Accent Art Glass Presents: About the Artist



Maurice Kreuzer: I began glassblowing in 1974 as an apprentice lampshop glassblower in Denver, CO. In 1977, I started Glass Impressions, Inc. with three other people. Over the next three years we worked together and sold retail products in several locations in Colorado. During this period I was able to develop more than one hundred production pieces for sale. As Christmas and Mothers Day shows were not enough to support me, I went to South Dakota to develop sales in the tourism industry. I depended on lampshop glassblowing as a living until 1992. I was introduced to offhand glassblowing through lampshop glass. At that point, I developed and built my own glass studio in Keystone, South Dakota, including a glory hole, furnace, annealer, and a basic combustion system. I moved to Olympia, Washington to pursue a living in offhand glassblowing in 1993 and worked for Hank Claykamp at the Mount St. Helen's Glassworks in Centralia until 1995. I left Washington for California in 1995 and worked as a glassblowing assistant at Smyers Glass Studio in Benecia prior to joining The Glass Forge.

Lee Wassink: I originally took a glass blowing class during my sophomore year in college at Central College in Pella, Iowa, not thinking anything of it. Of course, after that, the romance of glass occupied my mind. I took two more years of it from John Vruwink, while finishing my college education and was able to get fully hooked. After graduation, I moved to southen Oregon and spent a year helping my Dad build his "dream house". In the process, I realized that I would return to Grants Pass. During this time, while making trips to the Bay Area, I courted the Nourot Glass Studio, finally getting them to hire me just as we were finishing the house. Working for Nourot Glass Studio and the three owners, Mike and Ann Nourot and David Lindsay, was the biggest glass learning curve yet for me. While working with them for four years, I found out that it was truly the art that I wanted to continue for the rest of my life. When it came time to leave the Bay Area and move back to Grants Pass, I got the opportunity to take a two-week intensive course from Bill Gudenrath at the Corning Studio. By the time I came back after contacting Nathan and Butch, I was able to look for a building to start our studio and the rest, as they say, is history.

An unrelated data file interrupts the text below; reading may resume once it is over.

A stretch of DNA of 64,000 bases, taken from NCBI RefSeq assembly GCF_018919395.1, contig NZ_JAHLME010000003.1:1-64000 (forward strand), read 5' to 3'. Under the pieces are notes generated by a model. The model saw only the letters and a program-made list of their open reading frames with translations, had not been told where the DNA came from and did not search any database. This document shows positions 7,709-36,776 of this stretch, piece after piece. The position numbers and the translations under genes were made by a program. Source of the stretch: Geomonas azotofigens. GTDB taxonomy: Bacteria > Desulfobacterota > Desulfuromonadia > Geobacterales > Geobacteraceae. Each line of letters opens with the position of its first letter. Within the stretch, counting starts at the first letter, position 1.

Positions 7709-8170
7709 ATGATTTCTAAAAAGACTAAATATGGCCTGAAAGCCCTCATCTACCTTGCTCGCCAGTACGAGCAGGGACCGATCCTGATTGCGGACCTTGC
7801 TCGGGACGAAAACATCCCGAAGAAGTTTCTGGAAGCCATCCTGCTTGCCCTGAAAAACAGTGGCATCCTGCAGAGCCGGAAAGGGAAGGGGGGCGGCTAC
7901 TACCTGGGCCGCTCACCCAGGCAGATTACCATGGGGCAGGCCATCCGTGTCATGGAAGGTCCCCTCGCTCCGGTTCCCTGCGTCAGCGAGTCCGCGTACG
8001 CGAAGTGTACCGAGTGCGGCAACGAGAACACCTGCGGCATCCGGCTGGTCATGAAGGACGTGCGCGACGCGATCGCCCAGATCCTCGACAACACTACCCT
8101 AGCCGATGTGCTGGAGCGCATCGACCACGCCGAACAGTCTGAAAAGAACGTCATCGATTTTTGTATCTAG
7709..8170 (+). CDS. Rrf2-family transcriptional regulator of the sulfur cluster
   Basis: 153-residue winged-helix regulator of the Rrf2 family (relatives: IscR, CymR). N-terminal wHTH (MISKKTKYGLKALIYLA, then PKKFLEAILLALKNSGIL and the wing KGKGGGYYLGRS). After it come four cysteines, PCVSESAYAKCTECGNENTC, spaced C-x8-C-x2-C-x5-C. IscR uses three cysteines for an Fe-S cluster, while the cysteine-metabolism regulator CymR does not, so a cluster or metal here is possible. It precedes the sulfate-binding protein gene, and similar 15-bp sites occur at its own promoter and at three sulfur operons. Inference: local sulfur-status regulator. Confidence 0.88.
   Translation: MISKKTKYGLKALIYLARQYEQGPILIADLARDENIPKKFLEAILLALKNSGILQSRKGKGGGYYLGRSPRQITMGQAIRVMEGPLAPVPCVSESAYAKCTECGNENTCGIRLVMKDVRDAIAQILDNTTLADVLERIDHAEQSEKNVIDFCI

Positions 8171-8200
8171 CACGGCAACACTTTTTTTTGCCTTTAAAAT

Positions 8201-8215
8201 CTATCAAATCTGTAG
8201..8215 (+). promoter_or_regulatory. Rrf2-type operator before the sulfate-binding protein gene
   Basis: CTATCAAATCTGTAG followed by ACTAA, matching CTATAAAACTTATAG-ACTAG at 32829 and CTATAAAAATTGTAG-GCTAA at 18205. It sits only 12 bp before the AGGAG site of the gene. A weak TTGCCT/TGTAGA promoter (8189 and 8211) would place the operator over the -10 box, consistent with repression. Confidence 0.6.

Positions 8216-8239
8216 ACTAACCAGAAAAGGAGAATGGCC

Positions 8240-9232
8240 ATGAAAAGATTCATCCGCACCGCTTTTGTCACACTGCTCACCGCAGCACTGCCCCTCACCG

Nathan Sheafor: My first contact with the medium of glass was in a vision of sorts while participating in a pottery workshop in the desert near Moab, UT. The instructor wanted the class to visualize a container to hold water from a beautiful stream. I saw the shape in clear crystal, not clay. Shortly thereafter, a pottery and glass professor at the University of Kansas, Vernon Brejcha, thought that I would be better suited to working with glass than clay and directed me to the world of the molten material. I have been attached to it ever since being driven by the desire to make the perfect goblet, graceful lines, rich colors, and a certain physical intensity that reflect my nature.